They used to go to Capri on holiday, when she was very young, at first, her mother and father and Ricci and Michele. And after her father died, she and Ricci and Michele would go occasionally with Marco and Letizia and their children, always staying in a big rented villa overlooking the sea. She remembered swimming all day long, snorkeling in the grottoes and only leaving the water to go back to the house for lunch. On Saturday nights they would go into town and have dinner at a restaurant–the cook got the night off–where everyone knew Marco and stopped at their table to say hello. She had a necklace from Capri, a gumball-sized polished coral bead on a gold chain. Her father had given it to her as a souvenir on their last trip, when she was seven, because he had just taken her snorkeling for the first time and she had seen where the coral grew. When her father died, Anna put the necklace away in her jewelry box, worried that Francesca would lose it. She had to beg her mother to get the red bead back; Anna made her wait until she turned ten–an arbitrary number, considering Francesca had lost not even a sock as a child, much less anything more significant. She wore the bead on a longer chain now, with a couple other talismans she’d acquired over the years: a gold cross from her grandmother and a Dodo zebra from Cristina when they’d both graduated from school.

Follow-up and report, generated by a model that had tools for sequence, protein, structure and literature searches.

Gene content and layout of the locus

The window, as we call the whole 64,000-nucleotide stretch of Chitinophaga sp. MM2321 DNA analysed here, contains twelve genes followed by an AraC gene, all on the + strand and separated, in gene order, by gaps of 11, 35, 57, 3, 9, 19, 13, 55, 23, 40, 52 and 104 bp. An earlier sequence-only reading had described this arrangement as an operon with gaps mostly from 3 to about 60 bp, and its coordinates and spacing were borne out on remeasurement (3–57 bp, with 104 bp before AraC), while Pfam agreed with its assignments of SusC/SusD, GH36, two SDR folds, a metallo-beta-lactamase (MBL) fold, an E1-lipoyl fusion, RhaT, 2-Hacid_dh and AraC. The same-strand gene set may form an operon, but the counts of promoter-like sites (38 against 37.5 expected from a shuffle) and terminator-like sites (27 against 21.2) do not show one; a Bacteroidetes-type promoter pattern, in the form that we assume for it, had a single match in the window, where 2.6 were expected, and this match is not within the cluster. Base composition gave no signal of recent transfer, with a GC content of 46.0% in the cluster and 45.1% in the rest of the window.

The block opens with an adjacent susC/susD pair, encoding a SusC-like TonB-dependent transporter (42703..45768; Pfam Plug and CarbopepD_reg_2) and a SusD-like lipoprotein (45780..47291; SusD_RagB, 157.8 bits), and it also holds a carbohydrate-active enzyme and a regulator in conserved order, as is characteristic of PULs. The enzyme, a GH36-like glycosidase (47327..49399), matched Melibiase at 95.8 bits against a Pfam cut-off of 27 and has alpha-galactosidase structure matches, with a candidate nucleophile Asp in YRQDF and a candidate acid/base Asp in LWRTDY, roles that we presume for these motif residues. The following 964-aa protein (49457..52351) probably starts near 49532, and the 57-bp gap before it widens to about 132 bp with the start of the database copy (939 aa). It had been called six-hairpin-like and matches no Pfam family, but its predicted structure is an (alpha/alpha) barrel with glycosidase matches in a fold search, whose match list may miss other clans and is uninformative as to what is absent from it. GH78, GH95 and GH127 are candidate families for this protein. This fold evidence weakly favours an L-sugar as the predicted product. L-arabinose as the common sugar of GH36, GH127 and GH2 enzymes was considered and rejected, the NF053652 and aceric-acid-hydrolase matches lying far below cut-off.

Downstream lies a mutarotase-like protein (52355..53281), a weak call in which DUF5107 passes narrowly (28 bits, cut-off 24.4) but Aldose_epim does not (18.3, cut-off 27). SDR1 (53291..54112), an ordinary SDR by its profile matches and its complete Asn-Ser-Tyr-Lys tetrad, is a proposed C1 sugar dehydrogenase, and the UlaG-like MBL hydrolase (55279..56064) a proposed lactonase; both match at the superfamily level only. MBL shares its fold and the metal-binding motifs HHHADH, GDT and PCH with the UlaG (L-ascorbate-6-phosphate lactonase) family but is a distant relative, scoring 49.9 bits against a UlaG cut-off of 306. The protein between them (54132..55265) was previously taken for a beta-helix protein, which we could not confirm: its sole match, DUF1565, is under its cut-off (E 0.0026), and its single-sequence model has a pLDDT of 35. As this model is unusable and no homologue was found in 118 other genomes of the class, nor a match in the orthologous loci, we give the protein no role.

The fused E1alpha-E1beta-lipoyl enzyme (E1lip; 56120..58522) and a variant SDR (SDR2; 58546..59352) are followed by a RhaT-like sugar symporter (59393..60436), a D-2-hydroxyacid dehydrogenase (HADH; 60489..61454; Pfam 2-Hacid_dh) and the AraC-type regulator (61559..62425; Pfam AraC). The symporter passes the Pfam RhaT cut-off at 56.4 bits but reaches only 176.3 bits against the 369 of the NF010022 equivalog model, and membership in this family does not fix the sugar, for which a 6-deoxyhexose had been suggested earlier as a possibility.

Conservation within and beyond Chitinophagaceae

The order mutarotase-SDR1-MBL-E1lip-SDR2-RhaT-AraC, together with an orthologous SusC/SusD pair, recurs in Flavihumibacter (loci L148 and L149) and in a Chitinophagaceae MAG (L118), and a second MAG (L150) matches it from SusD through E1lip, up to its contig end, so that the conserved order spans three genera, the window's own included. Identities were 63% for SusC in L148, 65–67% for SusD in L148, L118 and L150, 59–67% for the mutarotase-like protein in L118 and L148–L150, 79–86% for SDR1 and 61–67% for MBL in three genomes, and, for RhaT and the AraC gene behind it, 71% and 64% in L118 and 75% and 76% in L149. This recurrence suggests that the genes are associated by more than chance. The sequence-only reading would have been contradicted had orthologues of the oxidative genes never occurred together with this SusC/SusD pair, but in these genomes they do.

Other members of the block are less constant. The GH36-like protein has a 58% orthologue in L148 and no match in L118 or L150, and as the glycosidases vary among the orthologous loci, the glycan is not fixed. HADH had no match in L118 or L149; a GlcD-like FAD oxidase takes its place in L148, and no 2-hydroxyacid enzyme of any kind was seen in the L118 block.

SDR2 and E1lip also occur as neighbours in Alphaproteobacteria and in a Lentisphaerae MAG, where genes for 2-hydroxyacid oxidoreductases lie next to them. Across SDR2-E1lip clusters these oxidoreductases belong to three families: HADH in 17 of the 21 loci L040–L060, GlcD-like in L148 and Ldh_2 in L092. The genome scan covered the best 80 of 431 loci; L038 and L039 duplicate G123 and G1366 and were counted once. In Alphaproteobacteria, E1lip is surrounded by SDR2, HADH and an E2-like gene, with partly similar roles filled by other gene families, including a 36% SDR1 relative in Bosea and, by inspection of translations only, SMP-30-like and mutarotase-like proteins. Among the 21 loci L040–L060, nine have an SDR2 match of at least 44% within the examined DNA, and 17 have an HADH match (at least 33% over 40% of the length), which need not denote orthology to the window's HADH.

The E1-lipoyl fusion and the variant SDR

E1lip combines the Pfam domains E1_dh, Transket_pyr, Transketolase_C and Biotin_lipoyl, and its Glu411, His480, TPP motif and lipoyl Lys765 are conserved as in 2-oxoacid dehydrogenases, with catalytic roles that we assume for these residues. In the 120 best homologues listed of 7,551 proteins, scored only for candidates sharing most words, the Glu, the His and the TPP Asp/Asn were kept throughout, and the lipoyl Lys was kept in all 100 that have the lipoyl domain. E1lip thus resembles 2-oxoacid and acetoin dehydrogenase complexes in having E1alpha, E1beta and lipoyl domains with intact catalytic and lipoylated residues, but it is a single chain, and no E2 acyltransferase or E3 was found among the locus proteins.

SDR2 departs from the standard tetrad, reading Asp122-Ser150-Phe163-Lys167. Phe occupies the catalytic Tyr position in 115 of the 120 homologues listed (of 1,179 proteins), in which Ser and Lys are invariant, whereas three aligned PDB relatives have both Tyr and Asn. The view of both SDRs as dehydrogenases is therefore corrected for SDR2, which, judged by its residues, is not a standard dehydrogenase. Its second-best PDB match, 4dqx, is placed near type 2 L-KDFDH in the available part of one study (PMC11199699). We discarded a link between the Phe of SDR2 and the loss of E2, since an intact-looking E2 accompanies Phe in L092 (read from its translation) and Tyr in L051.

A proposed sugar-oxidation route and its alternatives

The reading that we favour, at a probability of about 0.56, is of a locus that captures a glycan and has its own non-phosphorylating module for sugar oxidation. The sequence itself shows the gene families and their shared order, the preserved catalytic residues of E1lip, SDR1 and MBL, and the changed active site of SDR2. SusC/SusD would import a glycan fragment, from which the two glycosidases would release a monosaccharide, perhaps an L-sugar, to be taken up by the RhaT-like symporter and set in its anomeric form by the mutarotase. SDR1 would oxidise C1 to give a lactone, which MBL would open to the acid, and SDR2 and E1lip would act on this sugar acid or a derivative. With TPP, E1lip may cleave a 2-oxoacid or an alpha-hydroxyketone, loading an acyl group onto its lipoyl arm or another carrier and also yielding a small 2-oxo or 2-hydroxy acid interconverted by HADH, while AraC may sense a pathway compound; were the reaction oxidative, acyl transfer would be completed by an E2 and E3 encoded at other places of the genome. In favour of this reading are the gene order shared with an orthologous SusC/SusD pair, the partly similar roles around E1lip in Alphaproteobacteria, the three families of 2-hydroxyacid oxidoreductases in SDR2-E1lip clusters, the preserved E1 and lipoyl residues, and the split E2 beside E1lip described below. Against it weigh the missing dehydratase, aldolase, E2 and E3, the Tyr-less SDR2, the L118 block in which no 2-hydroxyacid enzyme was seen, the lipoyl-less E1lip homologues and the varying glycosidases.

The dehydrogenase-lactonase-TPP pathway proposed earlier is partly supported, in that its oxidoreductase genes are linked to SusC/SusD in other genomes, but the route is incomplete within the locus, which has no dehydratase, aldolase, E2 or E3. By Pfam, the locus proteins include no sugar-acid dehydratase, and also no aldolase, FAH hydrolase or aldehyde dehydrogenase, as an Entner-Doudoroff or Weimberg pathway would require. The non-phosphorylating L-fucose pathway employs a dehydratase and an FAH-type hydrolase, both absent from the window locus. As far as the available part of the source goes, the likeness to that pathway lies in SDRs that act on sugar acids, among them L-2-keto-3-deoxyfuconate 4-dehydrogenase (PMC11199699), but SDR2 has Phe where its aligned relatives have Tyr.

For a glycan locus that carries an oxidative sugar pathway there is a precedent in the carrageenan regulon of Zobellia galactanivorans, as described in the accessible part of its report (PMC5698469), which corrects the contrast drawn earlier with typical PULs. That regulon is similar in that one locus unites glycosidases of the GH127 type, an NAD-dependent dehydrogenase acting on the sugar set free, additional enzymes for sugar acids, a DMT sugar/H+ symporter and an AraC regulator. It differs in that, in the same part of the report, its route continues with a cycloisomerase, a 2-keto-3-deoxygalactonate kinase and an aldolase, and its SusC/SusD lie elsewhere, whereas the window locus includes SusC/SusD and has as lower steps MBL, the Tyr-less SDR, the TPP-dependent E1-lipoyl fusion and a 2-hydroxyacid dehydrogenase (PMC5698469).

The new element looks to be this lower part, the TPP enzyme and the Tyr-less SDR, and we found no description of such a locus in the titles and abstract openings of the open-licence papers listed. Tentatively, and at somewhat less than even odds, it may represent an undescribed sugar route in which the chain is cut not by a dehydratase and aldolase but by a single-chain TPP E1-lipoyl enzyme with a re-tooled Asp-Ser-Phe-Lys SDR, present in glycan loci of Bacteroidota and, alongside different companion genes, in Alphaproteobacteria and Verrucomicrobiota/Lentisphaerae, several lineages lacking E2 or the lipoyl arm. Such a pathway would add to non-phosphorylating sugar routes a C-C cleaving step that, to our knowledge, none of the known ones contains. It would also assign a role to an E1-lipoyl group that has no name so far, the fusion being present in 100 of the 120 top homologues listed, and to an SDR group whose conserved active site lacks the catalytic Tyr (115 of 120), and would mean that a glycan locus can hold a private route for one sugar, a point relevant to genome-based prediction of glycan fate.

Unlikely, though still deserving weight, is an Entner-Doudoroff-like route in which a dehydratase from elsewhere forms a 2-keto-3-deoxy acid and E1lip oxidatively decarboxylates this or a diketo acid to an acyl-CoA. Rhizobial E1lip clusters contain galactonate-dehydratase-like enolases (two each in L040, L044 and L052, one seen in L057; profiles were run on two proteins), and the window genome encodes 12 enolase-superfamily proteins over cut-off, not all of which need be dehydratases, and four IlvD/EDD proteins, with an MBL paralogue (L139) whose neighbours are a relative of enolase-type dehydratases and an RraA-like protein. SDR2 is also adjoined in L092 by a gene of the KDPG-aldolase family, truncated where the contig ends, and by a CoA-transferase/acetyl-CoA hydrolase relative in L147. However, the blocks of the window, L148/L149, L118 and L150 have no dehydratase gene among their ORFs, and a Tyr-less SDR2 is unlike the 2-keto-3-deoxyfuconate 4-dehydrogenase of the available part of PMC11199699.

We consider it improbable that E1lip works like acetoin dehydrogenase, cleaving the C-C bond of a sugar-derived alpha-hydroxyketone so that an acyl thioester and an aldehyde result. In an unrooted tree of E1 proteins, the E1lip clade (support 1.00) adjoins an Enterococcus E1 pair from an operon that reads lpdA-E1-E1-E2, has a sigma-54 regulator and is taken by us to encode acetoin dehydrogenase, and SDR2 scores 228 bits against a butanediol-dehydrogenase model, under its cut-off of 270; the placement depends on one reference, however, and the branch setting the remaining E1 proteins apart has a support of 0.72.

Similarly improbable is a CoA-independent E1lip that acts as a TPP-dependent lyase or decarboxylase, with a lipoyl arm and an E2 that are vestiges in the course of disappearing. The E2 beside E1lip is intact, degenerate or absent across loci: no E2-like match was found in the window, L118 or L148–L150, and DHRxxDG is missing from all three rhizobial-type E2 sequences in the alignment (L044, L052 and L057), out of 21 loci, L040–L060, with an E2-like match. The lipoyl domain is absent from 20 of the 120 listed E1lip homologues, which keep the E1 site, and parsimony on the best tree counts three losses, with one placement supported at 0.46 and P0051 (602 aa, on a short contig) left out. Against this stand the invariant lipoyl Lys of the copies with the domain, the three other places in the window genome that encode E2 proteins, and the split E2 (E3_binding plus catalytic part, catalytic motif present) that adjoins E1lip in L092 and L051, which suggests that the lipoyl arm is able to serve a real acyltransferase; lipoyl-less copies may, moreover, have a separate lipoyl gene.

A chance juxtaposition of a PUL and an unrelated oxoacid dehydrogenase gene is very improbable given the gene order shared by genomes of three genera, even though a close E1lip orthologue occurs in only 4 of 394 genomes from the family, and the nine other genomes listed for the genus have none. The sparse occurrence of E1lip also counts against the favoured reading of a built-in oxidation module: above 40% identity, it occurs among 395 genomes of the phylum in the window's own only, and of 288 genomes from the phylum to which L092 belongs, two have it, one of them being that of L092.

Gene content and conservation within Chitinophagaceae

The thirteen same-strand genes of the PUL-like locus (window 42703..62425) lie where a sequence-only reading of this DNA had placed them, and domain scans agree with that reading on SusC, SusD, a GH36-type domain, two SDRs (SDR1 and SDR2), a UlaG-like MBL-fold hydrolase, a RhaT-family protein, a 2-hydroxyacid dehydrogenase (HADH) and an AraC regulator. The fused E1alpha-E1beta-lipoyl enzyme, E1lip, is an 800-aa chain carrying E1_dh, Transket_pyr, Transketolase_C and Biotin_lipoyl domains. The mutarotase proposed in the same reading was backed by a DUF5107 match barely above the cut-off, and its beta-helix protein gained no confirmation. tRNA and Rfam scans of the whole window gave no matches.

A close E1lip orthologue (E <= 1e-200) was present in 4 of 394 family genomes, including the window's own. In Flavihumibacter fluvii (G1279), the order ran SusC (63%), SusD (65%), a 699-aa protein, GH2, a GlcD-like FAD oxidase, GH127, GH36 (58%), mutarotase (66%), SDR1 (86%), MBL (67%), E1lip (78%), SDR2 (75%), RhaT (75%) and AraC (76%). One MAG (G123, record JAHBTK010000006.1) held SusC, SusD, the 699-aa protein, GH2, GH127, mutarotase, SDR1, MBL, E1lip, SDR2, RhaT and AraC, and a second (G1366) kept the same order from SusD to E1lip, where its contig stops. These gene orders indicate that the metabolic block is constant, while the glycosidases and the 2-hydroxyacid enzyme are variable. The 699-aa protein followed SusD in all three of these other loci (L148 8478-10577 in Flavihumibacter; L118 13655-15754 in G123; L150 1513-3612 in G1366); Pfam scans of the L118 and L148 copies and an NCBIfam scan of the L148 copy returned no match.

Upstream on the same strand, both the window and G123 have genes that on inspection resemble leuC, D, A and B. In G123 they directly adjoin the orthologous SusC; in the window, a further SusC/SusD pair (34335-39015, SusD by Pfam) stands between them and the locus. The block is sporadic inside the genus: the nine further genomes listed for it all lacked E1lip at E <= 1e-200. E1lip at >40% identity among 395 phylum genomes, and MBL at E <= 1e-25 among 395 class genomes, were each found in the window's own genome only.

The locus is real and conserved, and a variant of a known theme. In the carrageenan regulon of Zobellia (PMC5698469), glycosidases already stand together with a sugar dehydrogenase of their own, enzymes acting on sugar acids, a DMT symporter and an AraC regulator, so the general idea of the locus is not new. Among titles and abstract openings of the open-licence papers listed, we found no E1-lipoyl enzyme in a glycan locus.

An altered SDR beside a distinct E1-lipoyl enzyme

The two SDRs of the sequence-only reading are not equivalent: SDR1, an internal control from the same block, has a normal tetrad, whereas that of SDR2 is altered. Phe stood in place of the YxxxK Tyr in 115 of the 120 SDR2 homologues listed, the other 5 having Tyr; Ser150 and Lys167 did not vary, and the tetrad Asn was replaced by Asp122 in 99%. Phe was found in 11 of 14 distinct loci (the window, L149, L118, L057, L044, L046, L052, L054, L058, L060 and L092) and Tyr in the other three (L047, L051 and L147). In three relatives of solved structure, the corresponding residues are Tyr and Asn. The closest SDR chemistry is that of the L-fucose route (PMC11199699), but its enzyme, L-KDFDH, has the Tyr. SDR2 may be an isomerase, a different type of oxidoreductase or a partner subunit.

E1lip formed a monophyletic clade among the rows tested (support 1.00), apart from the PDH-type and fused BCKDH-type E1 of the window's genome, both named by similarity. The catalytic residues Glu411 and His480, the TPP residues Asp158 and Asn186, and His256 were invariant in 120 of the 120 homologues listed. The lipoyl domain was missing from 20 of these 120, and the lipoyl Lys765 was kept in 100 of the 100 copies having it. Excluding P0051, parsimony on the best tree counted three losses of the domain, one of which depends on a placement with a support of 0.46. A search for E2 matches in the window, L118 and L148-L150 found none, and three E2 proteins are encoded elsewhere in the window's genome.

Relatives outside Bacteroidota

She had loved Capri, loved learning how to swim there, loved the carefree afternoons riding with her brothers on scooters, picking oranges from neighbors’ trees, even loved going to the shops with Letizia. Ordinarily, she would have been thrilled at the prospect of three days there. But Paolo–she couldn’t wrap her head around him. Maybe there wasn’t anything to try to understand. Capri just seemed so far away–from Florence, from Turin, from Milan–from everywhere. Out of sight and out of mind.